The Top Five
#1 “Night at the Museum” ($30.8 million)
#2 “The Pursuit of Happyness” ($15 million)
#3 “Rocky Balboa” ($12.6 million)
#4 “The Good Shepherd” ($9.9 million)
#5 “Charlotte’s Web” ($8 million)
(All numbers are as of Sunday, and do not include the Christmas holiday.)
Typically, parents have a tough time dragging their kids to a museum. So perhaps curators around the world should start planning their own Ben Stiller displays.
Stiller’s high-concept flick “Night at the Museum” hit the high end of its studio’s expectations over the Christmas weekend, stuffing more than $30 million in the stockings of 20th Century Fox. The movie, which tells the story of a frazzled night watchman under siege as museum displays come to life, co-stars Owen Wilson, Ricky Gervais and Robin Williams. It handily beat up on competing holiday stars including Will Smith, Angelina Jolie and Cameron Diaz, but Hollywood has to be a bit shocked over the impressive showing by a well-known underdog from Philly.
“Rocky Balboa” took in $12.6 million, a number that Sylvester Stallone would’ve no doubt been thrilled to predict as he watched doors slam in his face while pitching his sixth Rocky film to various studios a few short years ago. Trading body blows all weekend, Rocky may not have won the fight, but he did put up a heartfelt effort that impressed anyone who underestimated the battered Philadelphia boxer … wait a minute, all this sounds like a possible plot for “Rocky 7.” Stallone has promised that “Balboa” will be the final Rocky flick, but at least this much is certain: “Rocky V” will no longer leave its foul aftertaste as the series’ final movie.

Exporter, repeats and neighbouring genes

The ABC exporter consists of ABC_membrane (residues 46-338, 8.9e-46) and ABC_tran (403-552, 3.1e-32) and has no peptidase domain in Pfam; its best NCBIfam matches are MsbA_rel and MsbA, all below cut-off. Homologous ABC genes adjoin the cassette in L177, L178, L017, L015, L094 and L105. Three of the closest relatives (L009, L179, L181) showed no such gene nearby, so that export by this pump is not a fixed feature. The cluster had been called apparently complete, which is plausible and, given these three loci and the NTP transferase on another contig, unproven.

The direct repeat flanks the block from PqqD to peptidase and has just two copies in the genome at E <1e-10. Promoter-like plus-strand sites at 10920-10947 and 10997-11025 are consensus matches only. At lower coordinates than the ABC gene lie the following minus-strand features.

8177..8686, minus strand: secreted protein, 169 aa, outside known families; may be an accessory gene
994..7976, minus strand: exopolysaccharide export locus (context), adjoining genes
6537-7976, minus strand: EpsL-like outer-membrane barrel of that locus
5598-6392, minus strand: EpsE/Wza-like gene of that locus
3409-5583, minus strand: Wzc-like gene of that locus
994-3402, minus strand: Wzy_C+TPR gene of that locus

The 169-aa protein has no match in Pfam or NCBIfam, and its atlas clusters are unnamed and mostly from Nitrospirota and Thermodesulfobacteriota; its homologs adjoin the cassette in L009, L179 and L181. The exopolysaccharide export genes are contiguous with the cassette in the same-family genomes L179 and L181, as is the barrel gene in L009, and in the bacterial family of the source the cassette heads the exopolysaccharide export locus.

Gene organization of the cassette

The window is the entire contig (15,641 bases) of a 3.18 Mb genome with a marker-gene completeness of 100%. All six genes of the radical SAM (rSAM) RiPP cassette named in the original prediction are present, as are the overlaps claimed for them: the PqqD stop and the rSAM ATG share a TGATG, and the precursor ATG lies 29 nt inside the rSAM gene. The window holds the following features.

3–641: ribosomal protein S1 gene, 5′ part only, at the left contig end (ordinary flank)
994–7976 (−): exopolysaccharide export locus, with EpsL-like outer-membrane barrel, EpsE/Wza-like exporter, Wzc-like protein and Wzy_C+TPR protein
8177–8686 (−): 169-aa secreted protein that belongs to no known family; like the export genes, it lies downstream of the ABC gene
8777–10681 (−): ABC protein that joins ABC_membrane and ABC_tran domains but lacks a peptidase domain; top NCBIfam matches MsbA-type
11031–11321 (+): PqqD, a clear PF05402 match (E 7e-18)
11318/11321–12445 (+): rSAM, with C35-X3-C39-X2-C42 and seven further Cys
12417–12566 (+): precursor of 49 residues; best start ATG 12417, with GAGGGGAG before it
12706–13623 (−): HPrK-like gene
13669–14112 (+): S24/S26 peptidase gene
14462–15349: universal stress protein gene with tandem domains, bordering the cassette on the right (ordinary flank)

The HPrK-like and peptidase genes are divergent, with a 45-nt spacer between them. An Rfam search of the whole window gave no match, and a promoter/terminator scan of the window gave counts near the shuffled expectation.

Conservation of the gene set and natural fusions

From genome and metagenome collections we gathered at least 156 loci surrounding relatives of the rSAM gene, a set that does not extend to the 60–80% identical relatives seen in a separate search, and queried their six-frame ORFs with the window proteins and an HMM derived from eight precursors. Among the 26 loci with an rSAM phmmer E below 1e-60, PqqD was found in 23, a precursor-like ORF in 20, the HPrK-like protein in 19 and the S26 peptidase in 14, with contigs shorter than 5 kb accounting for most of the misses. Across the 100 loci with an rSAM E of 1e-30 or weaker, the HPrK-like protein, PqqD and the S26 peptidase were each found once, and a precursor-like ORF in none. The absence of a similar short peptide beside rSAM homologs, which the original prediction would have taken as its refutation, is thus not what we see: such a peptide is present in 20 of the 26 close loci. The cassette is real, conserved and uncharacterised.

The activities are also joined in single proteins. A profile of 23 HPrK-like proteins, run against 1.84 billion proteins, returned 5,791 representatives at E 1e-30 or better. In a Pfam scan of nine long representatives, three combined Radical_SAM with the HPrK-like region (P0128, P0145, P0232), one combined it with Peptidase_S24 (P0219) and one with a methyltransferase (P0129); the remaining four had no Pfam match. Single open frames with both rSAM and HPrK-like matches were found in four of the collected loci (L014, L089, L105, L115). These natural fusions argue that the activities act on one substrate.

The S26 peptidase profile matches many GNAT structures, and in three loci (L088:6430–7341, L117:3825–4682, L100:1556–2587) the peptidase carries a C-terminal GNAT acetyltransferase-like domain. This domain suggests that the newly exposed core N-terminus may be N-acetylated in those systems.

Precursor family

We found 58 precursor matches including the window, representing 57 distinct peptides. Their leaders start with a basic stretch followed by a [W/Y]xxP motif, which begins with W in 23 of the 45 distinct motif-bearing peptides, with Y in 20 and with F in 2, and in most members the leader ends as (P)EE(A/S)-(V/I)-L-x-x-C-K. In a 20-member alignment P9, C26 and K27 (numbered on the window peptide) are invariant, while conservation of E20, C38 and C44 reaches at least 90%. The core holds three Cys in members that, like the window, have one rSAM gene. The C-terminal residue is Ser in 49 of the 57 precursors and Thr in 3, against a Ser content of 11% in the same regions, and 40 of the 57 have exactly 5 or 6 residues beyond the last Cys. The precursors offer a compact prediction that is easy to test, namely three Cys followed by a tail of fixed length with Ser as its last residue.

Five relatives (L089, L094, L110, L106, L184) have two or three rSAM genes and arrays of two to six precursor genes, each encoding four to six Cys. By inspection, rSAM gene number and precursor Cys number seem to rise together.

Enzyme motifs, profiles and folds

“Rocky” came out swinging hard, but Smith’s “The Pursuit of Happyness” was able to lock the bathroom door and hide out long enough to wait out the attack. Grabbing a few million more than Sly’s flick did, Smith’s Oscar-baiting inspirational drama came in at #2, is now up over the $50 million hurdle and is possibly on its way to becoming yet another $100-million-grossing Will Smith movie. It’s enough to make interns everywhere shriek with delight.
Meanwhile, Angelina Jolie’s lips might be protruding even more than usual these days, as she pouts over the disappointing debut of her high-wattage spy thriller “The Good Shepherd.” Co-starring Matt Damon and Alec Baldwin and marking Robert De Niro’s long-awaited follow-up to the cult classic “A Bronx Tale,” “Shepherd” couldn’t even herd in $10 million over the weekend. With moviegoers preferring to peep at other flicks this weekend, box-office prospects for the film seem to be dwindling as rapidly as its Oscar hopes.
Rounding out the top five, the Oprah-tastic “Charlotte’s Web” continued to disappoint with an $8 million tally that would barely cover catering costs for the film’s enormous cast. Despite the presence of Julia Roberts, Robert Redford, Andre 3000 and Dakota Fanning — and the fact that it shares its title with one of the most beloved children’s books of all time — the barnyard family flick continues to wallow in its own disappointing returns. With “Eragon” ($7.1 million, sixth place) burning out and “We Are Marshall” ($6.6 million, seventh place) getting upset by fellow feel-good-sports-flick “Rocky,” however, at least the talking pig has company.